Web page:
ANALYSIS OF DIFFERENT GOVERNANCE MODE FOR BIODIVERSITY CONSERVATION MEASURES AND THEIR IMPACT ON FAIRNESS AND EQUITY

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CHAPTER ONE

  1. INTRODUCTION

The modern society is very concerned about the loss of biodiversity, especially in tropical forests. The traditional approach has been to create “protected areas” (PAs) where human usage and presence are minimized or at least limited, as urged by conservation organizations and accepted by governments. Currently, there are over 100,000 protected areas throughout the world, with the tropics accounting for 28% of the total land area (by area). Protected areas, according to research, have reduced deforestation rates, prevented species extinction, and preserved land and water resources (Brooks et al., 2009).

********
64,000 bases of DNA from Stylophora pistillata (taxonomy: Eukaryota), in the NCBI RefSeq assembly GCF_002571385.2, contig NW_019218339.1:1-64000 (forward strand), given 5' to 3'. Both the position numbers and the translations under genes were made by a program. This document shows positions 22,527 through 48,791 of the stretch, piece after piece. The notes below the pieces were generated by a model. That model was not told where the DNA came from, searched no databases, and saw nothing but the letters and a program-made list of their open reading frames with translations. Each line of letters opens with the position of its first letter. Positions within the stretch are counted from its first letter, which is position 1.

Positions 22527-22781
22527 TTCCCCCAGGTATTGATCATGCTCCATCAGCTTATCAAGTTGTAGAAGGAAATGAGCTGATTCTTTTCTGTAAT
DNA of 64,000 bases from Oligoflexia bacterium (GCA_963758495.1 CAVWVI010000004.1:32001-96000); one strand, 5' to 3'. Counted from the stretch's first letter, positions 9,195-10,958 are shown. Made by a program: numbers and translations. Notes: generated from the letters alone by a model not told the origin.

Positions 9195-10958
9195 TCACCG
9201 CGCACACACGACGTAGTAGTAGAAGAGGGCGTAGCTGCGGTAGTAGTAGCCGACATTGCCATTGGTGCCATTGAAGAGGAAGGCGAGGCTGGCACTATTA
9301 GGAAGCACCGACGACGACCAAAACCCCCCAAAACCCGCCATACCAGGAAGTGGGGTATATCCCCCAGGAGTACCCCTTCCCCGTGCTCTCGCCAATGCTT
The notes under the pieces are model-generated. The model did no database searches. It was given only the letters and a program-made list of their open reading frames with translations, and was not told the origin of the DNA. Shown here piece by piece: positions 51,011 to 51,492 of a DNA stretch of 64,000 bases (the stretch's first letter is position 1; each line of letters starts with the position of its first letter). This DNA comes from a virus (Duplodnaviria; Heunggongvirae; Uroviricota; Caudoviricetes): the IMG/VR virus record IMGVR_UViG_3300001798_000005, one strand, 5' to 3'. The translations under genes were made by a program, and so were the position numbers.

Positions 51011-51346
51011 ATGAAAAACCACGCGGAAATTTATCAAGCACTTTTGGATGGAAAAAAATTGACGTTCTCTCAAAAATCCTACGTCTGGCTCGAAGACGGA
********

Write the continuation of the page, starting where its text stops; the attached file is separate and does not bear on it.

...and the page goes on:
A perfect example is biodiversity conservation in European grasslands where numerous species and ecosystems are endangered by intensifying cultivation and abandoning marginalized areas (Henle et al., 2008; Metera et al., 2010; Young et al., 2005). Conservation funds are rear. Therefore, conservation agencies must use their funds economically and must choose conservation options that maximize the fulfillment of their preservation objectives with available funding resources ((Birner and Wittmer 2004; Wätzold and Schwerdtner 2005; Ferraro and Pattanayak 2006; Naidoo and Ricketts 2006). Although large-scale cultivation and farm management in marginal areas can be better preserved, they are costly for farmers.  If landowners in such a situation are not required to take land use steps that benefit biodiversity. The first alternative is to purchase land and take land-use measures or employ firms themselves in order to implement the land-use measures needed to protect biodiversity (hereinafter known as the ‘buy alternative’) (Schöttker et al., 2016). Many organisations and NGOs such as the Schleswig-Holstein Nature Protection Foundation (Stiftung Naturalistic Schleswig-Holstein 2012) and the UK Royal Society for Bird Protection (Moss et al. 2011),